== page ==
The Pennsylvania State University

School of Visual Arts

Summer Discovery Grant Report: Digital Technologies in the Foundry Process

Cydnei Mallory in Latvia at Cast Iron Conference

Cydnei Mallory was a recipient of a 2014 Undergraduate Summer Discovery Grant in support of her research project, Digital Technologies in the Foundry Process.  The Summer Discovery Grant program is a resource that helps students take advantage of Penn State’s research environment. Mallory is pursuing a Bachelor of Fine Arts degree with a concentration in Sculpture.

Mallory has always had a strong interest in foundry and metal-casting techniques and receiving a Summer Discovery Grant has affected her work in a “positive and enlightening way,” she said. Through this funding, Mallory was able to research her “lost plastic” hypothesis. Below is a report from Mallory describing her research process:

With the recent rise in the availability of economical desktop 3D modeling printers and scanners, the most novice person can create and find 3D models to utilize. In 2012, the Penn State School of Visual Arts’ Sculpture studio purchased a MakerBot—a desktop 3D printer that extrudes layers of plastic to build rapid prototyped three-dimensional objects. Drawing from my educational experiences, I wondered what might be possible with the MakerBot: Can three-dimensional plastic models printed by the MakerBot be substituted for the traditional wax forms used in foundry? In other words, can the “lost wax” process become the “lost plastic” to broaden the possibilities of cast bronze or aluminum sculptures?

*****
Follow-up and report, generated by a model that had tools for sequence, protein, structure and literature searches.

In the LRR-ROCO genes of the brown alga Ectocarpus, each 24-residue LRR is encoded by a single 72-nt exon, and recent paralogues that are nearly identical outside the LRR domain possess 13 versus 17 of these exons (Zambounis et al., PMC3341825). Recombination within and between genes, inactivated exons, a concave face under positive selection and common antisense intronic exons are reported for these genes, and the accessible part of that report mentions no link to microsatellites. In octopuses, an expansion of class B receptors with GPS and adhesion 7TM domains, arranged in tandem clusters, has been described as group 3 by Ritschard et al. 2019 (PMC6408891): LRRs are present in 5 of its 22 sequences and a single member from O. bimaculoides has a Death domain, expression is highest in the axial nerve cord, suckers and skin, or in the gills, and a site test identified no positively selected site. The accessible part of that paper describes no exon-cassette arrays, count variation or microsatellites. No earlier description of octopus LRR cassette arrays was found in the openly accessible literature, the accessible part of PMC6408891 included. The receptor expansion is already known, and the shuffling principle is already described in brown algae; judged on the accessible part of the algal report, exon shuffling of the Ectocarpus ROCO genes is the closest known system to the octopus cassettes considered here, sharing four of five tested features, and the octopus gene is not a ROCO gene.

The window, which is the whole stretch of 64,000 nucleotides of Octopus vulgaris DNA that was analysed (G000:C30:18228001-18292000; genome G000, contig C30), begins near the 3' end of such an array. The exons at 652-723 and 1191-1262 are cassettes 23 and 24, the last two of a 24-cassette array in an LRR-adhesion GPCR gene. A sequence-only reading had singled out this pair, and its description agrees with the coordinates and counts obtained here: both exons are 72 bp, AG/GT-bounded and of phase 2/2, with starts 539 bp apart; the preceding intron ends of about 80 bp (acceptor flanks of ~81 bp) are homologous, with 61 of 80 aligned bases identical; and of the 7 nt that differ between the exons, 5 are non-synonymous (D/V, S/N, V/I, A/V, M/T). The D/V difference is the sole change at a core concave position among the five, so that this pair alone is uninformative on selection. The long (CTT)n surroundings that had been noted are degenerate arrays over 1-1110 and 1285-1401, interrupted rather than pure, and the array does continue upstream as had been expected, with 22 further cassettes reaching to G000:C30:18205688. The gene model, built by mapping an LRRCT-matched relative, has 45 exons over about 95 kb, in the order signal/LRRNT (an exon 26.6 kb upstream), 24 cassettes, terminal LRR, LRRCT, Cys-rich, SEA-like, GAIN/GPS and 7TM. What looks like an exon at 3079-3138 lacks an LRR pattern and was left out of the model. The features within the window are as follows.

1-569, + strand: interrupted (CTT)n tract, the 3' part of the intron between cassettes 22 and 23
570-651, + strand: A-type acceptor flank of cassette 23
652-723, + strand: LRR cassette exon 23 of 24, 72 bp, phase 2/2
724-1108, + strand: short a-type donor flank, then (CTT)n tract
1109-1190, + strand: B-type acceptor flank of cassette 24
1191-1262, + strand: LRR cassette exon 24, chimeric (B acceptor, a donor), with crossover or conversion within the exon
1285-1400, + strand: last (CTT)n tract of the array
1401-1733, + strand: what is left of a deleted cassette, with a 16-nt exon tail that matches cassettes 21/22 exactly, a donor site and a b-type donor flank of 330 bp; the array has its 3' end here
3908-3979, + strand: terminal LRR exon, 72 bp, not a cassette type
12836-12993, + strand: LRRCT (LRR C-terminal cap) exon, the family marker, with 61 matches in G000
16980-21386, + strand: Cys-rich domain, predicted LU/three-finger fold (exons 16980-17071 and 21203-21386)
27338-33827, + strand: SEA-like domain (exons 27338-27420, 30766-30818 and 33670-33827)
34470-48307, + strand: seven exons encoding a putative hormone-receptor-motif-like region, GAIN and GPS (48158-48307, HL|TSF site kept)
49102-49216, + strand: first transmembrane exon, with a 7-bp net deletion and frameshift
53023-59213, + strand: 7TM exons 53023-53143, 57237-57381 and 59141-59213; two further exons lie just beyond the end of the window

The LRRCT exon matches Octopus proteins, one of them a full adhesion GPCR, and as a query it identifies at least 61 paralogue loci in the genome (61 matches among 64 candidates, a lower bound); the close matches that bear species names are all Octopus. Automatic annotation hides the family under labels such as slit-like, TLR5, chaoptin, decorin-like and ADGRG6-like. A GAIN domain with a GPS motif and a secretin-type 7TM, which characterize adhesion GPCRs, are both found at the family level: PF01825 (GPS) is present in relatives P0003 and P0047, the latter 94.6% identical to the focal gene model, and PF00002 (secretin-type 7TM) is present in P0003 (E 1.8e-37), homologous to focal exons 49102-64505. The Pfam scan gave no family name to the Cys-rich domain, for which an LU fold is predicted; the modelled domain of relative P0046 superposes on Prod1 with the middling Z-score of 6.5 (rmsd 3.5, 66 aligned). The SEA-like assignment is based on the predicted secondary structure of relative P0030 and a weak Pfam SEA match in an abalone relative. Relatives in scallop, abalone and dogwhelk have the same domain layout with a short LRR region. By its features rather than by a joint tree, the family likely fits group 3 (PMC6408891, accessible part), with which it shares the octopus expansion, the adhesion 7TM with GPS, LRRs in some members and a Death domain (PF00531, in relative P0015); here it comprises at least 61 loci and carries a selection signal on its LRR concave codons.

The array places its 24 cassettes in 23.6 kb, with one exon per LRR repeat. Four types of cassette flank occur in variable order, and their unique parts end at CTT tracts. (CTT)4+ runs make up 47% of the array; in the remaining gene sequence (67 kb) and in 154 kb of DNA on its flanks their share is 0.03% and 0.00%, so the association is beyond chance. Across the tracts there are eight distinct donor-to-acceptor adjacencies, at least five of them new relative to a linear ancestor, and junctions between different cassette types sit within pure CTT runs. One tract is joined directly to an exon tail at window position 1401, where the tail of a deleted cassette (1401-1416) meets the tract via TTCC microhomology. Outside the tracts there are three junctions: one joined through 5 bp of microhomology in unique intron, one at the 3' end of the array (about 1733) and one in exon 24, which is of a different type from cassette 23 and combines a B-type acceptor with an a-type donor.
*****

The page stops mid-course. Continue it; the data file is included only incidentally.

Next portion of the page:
With help from the Summer Discovery Grant I was able to test the “lost plastic” hypothesis with two standard mold methods, including plaster investment and ceramic shell. To begin my research, I chose a pelvis as my model for its complex form. Making a mold would require an advanced background in mold making. I chose multiple methods for obtaining the model that varied in cost, accessibility, and ease of use, including an online model, scanning an existing pelvis to create a model to print, and creating a form using SoVA’s 3D modeling program, Rhino, resulting in 22 models printed. After each mold was poured I assessed the accuracy of the castings and consulted with Professor Cristin Millett, my faculty mentor, to determine the cause of any faults or defects and possible strategies to prevent the problem from recurring.

The “lost plastic” casting technique yielded astounding results. My preliminary tests indicate that ceramic shell yields superior results to plaster investment.

As I enter my final semester at Penn State, I continue researching the “lost plastic” hypothesis, as well as the rapidly expanding realm of digital technology. The ability to burn out a digitally printed 3D model instead of a wax form opens up new possibilities for casting techniques in foundries at all levels, including academic institutions, industry, manufacturing, fine art, and even the backyard foundry.